This is going to be a deeply personal, and lengthy post. I don’t want to write it, but I feel like I need to, because this is my story, and I need to tell it to anybody who will listen.

I’m not using real names of churches or people (except for my wife) because the point of this is not to cut anybody down, or talk crap about any particular church or denomination. If you know me personally, you already know who/what I’m referencing anyhow. This may be a longer post, so if you read it and make it to the end, go buy yourself some ice cream as a reward. Or a beer. Or both.

From the years of 2003-2006, I was a youth pastor at a smaller denominational church in the town where i went to college. We ran roughly 300 or so on a Sunday, and I had between thirty and fifty students on any given Sunday morning.

I was, in a sense, following in my dad’s footsteps. My dad had been a children’s pastor and youth pastor for nearly 20 years up to this point, and as I had grown up in that culture, it was a good fit. I knew what I was doing, enjoyed my job, and genuinely loved life. Balancing full time college with a full time job was hard, but I made it work. I’d go to school 3 days a week, and leave the other days open for church work. It was perfect. I got paid to hang out with Junior High / High School students.

The building we met in was massive. It had been built roughly a decade earlier, by a pastor with grand hopes for the church, obviously. It sat roughly 1200 people. This at times, made the 300 or so that came, feel quite small. We did what we could to make it work, and honestly, having that much space was pretty nice.

Along with space, our church was saddled with an immense amount of debt. Building a building that large came at a price. By the time I got there, the church was 1M+ in debt. Not a great place to be.

In the fall of 2005, our pastor and elder board decided to get serious about getting the church out of debt, which we all agreed was a great idea. A church saddled with debt is limited in what it can do for those that it is called to reach. So deciding to tackle this was somethign we all agreed on.

What we didn’t all agree on was the plan. How do we go about this? What was decided upon was something that I vocally disagreed with then, and disagree with now. We hired a consulting firm, and launched a “debt reduction campaign.” We had materials printed. We hired speakers. We built curriculum. A lot of money was spent.

It all came to a head when we ended up pulling a bunch of key leaders in the church together to “launch” the campaign with a catered dinner at the local country club.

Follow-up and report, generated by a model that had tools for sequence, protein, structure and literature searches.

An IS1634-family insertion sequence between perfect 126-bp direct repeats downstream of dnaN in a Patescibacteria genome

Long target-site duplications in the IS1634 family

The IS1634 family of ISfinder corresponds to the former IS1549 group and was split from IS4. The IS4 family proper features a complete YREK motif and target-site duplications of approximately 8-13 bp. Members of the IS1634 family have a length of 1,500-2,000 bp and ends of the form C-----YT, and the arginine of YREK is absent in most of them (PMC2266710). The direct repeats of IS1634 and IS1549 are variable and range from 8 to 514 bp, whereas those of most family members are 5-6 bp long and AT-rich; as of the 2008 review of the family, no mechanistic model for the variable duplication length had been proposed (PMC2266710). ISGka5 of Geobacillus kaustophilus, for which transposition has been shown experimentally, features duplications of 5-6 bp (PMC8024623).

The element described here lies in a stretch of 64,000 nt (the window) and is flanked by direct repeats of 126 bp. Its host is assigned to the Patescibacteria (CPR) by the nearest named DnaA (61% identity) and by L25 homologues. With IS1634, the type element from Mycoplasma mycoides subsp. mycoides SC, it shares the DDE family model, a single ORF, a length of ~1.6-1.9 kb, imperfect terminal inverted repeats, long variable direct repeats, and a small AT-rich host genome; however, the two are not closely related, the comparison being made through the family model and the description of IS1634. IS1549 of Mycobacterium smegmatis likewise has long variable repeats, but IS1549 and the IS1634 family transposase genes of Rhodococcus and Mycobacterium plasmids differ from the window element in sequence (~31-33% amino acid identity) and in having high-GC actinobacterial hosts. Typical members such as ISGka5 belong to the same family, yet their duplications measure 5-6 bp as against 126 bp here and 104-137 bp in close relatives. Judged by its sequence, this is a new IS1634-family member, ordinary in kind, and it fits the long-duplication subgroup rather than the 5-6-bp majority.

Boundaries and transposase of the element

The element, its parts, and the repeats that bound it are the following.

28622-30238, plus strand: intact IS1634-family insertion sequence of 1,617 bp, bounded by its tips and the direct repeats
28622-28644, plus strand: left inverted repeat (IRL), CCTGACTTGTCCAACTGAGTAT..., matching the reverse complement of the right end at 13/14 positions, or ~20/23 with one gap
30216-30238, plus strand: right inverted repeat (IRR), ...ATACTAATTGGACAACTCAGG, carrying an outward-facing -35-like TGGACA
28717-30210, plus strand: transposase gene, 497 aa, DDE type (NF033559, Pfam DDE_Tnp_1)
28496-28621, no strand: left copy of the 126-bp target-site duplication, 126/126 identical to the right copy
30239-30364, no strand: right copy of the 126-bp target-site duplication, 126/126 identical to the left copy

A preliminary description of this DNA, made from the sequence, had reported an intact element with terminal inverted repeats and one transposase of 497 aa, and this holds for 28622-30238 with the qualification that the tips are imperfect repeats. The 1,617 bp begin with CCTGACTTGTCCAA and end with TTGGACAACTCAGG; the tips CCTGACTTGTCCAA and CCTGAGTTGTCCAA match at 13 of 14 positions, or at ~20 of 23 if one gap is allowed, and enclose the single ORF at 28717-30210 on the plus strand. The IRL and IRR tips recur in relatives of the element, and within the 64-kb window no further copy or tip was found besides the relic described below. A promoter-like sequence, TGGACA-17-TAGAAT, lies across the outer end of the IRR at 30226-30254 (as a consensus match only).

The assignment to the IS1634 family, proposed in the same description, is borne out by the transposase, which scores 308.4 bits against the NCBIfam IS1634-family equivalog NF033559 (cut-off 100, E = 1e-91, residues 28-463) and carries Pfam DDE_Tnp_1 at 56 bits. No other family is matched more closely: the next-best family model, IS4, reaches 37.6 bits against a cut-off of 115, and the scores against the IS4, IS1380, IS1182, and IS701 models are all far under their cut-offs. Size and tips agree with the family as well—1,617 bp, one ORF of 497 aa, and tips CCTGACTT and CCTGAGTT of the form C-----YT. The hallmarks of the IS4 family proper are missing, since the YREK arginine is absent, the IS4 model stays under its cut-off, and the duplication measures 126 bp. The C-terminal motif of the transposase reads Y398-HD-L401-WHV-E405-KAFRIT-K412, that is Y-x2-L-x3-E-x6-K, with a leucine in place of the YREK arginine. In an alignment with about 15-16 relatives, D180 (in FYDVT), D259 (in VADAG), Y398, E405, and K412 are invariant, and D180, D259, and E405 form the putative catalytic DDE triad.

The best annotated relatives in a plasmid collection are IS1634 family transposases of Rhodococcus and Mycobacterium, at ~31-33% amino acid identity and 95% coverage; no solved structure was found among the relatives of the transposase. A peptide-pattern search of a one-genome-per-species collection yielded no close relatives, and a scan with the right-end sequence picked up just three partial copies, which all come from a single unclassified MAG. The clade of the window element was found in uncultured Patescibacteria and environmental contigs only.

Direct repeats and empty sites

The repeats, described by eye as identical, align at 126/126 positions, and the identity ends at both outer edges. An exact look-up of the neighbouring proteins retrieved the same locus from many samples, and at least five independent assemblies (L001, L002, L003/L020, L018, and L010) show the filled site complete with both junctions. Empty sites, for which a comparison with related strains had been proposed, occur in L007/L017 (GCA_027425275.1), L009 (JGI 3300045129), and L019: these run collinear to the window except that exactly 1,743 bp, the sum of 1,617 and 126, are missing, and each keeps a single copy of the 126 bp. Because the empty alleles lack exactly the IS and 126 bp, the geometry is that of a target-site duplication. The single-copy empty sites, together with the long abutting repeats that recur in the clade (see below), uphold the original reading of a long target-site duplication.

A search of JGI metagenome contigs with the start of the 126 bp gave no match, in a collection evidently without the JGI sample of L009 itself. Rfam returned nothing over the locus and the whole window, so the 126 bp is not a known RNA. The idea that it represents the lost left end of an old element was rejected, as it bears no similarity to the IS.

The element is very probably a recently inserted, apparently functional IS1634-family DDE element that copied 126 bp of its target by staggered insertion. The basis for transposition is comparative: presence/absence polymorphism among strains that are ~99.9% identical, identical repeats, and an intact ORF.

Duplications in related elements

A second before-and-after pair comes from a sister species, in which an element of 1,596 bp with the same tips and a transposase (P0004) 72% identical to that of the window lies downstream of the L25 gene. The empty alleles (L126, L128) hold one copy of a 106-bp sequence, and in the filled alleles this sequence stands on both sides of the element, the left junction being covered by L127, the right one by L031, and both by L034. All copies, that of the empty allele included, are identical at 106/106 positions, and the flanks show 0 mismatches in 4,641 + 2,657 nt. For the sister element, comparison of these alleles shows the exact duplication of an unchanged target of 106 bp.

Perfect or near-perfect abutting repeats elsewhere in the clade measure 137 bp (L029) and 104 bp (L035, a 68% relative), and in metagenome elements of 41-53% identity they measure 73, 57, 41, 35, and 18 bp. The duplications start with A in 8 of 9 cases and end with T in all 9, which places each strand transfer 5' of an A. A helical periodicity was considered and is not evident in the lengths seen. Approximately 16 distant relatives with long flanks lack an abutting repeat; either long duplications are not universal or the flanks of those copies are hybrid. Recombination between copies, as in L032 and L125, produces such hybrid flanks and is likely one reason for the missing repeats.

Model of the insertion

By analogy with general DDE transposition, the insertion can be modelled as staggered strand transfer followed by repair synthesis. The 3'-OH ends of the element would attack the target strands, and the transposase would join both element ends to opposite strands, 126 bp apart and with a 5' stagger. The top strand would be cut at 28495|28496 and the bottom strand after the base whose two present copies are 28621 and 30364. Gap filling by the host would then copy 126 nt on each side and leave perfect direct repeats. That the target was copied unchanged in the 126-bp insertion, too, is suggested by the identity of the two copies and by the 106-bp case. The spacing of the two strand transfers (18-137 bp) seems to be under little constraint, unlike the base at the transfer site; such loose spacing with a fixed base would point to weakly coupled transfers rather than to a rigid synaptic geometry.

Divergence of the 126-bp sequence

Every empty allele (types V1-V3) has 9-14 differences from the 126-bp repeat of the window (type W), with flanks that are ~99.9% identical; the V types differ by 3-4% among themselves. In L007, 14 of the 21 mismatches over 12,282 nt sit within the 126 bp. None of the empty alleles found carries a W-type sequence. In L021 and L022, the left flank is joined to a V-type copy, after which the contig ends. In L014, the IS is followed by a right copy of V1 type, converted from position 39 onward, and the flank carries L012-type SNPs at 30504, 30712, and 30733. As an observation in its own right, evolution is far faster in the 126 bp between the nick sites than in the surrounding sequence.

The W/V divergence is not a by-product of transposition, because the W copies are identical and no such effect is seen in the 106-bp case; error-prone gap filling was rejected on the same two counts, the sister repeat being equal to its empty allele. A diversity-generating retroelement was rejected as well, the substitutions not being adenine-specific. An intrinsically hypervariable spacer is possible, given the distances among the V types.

Let that sink in.

We were catering a dinner at a country club. To raise awareness. For debt reduction. For a church that was over a MILLION dollars in debt.

I lost it. I went home and told my fiancé. I couldn’t take it. I had to get it out. This seemed so backwards to me. What were we accomplishing at the country club that we couldn’t do in the church basement with pizzas?

Around this time, our pastor popped into my office and said he needed to see me. The church was out of money, and was paying bills/salaries out of savings. He told me that if giving didn’t pick up in the next month, my job was going to be done away with. He was sorry, but as an unmarried guy with no family to support, i was lowest on the totem pole (my words, not his.)

Giving picked up that month, so my job was safe for another month. But it became clear towards the end of that month that we were in for a rough couple of weeks. My job was over at the end of the month. So now I got to tell the kids that I pastored that i was leaving. This is where it got fun.

I was given “talking points” so that I might communicate exactly what the pastor and board wanted to be said. The pastor was in the room when I made the announcement. They wanted to make sure that I wasn’t going to say something damaging.

“sorry kids, the church spent all their money on country club dinners and now they can’t pay me so I have to go find another job.”

The best part of the whole thing, was that after that, the pastor asked me if I’d stay on and volunteer with the youth group to help with transition “so that it would be easier on the students.”

You can guess what my answer was.